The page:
Monday, October 18

Milk but not really milk?

More than 54,000 affected by Chinese milk scandal

Chris Buckley, Reuters · Monday, Sept. 22, 2008

BEIJING -- The number of Chinese infants sick in hospital after drinking tainted milk formula doubled to nearly 13,000 as the country’s top quality regulator resigned in the latest blight on the “made-in-China” brand.

Four deaths have been blamed on the toxic milk powder, which causes kidney stones and agonising complications, and a string of Asian countries have banned or recalled Chinese milk products.

The official Xinhua news agency said in a brief statement that the country’s quality chief, Li Changjiang, had quit in light of the scandal. It did not elaborate.

The Health Ministry said the number of children hospitalised due to the milk powder contaminated with the industrial chemical melamine rose from a previously announced total of 6,244 -- which included many who had left hospital -- to 12,892, including 104 who were in a serious condition.

More than 1,500 had already left hospital and nearly 40,000 with milder symptoms “received clinical treatment and advice” before going home. The ministry did not explain the sharp rise.

The jump to more than 54,000 affected children was announced late on Sunday, escalating a scandal that has again shaken trust in Chinese products after last year’s scares over toxic and shoddy goods from toothpaste and drugs to pet food and toys.

Melamine has also been found in cartons of milk and some dairy exports, but no illnesses from those sources have been reported.

Medical experts said on Monday that, as well as causing kidney stones, melamine could potentially cause far more serious complications by crystallising and then blocking tiny tubes in the kidneys.

Chinese Premier Wen Jiabao visited hospitals in the national capital in a bid to reassure an anxious public. But he also said the outbreak of poisonings exposed deeper failings.

“Although the ordinary people are very understanding, as the government we feel very guilty,” he said, according to the Xinhua news agency. “This event is a warning for all food safety.”

He also vowed stiff penalties if the problem re-emerges. “If there are fresh problems, they must be even more sternly punished under the law,” Mr. Wen said.

China’s food quality watchdog has said it found melamine in nearly 10 percent of milk and drinking yoghurt samples from three major dairy companies: Mengniu Dairy Co, the Inner Mongolia Yili Industrial Group and the Bright group.

Nitrogen-rich melamine can be added to watered-down milk to fool quality checks, which often use nitrogen levels to measure protein levels.

Past product safety scandals have exposed corruption, influence-peddling and lumbering, feuding bureaucracies overwhelmed by fragmented, cost-cutting producers. The milk scandal has shown a government campaign did not end those woes.

China’s dairy producers faced a “crisis of confidence” that would need strong official steps to cure, said Lao Bing, manager of a Shanghai-based dairy investment company.

“Consumers will start rebuying in a month or two if they feel sure the government is undertaking a vigorous clean-up,” he said. “Exports will take longer. This will have a major impact.”

Japan’s Marudai Food Co. Ltd withdrew buns made with milk supplied by Yili. A spokesman for Japan’s Nissin said that group had also recalled products with Chinese dairy ingredients.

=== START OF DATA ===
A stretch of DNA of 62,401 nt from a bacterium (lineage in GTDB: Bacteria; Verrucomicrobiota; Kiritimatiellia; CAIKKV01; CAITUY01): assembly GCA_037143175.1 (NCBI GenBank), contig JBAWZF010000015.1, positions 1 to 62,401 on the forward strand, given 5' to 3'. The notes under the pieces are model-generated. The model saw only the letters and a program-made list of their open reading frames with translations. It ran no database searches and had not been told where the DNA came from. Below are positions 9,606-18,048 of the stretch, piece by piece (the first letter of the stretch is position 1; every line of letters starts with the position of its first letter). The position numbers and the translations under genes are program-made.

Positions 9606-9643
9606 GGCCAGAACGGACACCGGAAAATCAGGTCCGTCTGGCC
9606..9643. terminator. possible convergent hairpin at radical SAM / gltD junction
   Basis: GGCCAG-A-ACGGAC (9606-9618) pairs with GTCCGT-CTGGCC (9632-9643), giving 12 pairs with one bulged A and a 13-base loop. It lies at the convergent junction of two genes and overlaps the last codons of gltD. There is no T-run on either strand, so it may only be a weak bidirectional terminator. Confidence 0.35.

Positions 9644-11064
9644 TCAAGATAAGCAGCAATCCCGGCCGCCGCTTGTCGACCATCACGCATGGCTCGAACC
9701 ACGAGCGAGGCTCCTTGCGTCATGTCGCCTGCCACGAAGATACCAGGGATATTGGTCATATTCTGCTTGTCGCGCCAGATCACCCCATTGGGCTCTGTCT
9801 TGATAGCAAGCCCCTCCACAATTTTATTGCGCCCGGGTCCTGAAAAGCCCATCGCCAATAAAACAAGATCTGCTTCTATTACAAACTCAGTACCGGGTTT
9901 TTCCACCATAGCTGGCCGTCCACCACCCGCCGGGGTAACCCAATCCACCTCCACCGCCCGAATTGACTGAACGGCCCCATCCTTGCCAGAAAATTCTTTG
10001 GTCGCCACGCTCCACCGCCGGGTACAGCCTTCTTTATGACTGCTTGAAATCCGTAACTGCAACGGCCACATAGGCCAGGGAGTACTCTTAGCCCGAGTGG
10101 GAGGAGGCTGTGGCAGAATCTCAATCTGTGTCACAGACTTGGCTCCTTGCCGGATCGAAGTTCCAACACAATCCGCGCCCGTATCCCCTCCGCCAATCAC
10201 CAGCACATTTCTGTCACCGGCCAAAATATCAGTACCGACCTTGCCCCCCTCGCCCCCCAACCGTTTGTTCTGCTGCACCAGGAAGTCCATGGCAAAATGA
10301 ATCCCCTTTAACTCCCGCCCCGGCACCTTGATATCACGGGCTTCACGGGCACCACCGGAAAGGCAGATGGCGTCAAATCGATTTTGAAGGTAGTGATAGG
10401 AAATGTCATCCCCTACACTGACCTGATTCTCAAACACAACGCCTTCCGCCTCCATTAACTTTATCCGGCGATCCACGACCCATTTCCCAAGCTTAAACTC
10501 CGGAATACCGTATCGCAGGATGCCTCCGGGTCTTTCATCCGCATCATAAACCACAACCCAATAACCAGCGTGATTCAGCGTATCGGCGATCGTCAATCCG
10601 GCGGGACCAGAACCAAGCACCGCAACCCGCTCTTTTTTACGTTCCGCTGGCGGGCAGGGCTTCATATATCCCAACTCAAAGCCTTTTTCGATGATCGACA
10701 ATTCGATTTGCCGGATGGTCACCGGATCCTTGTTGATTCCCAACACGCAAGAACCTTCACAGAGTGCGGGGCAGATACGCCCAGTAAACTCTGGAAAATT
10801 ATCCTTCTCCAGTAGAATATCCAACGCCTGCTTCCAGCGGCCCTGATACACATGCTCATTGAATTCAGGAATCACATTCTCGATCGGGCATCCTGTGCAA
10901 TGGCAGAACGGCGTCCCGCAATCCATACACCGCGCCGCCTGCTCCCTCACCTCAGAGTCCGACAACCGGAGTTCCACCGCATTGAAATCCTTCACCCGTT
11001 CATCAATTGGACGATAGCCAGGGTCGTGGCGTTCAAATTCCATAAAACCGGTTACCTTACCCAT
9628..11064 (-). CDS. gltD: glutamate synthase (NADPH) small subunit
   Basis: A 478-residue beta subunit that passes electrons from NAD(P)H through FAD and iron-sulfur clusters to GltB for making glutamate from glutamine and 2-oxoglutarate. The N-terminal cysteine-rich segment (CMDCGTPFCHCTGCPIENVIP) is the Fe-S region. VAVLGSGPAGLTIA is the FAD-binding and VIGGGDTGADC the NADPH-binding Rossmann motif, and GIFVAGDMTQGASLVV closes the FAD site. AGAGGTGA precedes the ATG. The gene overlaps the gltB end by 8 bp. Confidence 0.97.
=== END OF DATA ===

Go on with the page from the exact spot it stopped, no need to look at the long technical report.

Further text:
The Japanese government has asked 90,000 companies to check if imports have been contaminated with melamine.

Other markets that have that have banned or recalled Chinese milk products include Brunei, Singapore, Malaysia, Hong Kong and Taiwan. Taiwan banned all mainland dairy products from Sunday.

Dutch dairy group Friesland Foods removed three types of milk products from shelves in Hong Kong, Singapore and Macau as a precaution, a spokesman told the ANP news agency.

The products were made by a Chinese company in which Friesland Foods holds a minority stake. Friesland Foods said less than 1 percent of products marketed under its “Dutch Lady” brand were affected.

Even White Rabbit Creamy Candy, a popular Chinese brand of milk sweet, was contaminated with melamine, Singapore’s Agri-Food and Veterinary Authority warned on Sunday.

At the weekend, a three-year-old Hong Kong girl was found to have a kidney stone after drinking a milk product tainted by melamine, making her the territory’s first suspected victim.

But the biggest worry remains in China.

Sanlu, the nation’s biggest maker of infant milk powder, knew about the problem but did not disclose it publicly for at least a month throughout August, when Beijing hosted the Olympics, officials have said.

The revelation brought a surge of panicky parents and children to hospitals, and the government has promised free treatment for stricken children. But some parents said they worried about costs and long-term complications.

Zhou Zhijun, from south China’s Hunan province, said she took her wailing, increasingly thin daughter to hospitals at least three times from June to late August before doctors diagnosed a kidney stone.

“All those visits and checks cost 20,000 yuan ($2,900), and I still don’t know who will pay for that,” she said, adding that her 15-month-old baby had drunk Sanlu milk powder. “Also what if there are complications and problems later? Who’ll pay for that?”

The Chinese Ministry of Agriculture said despairing farmers were dumping milk and killing cattle after companies stopped buying their supplies. It promised subsidies to help farmers.

© Thomson Reuters 2008


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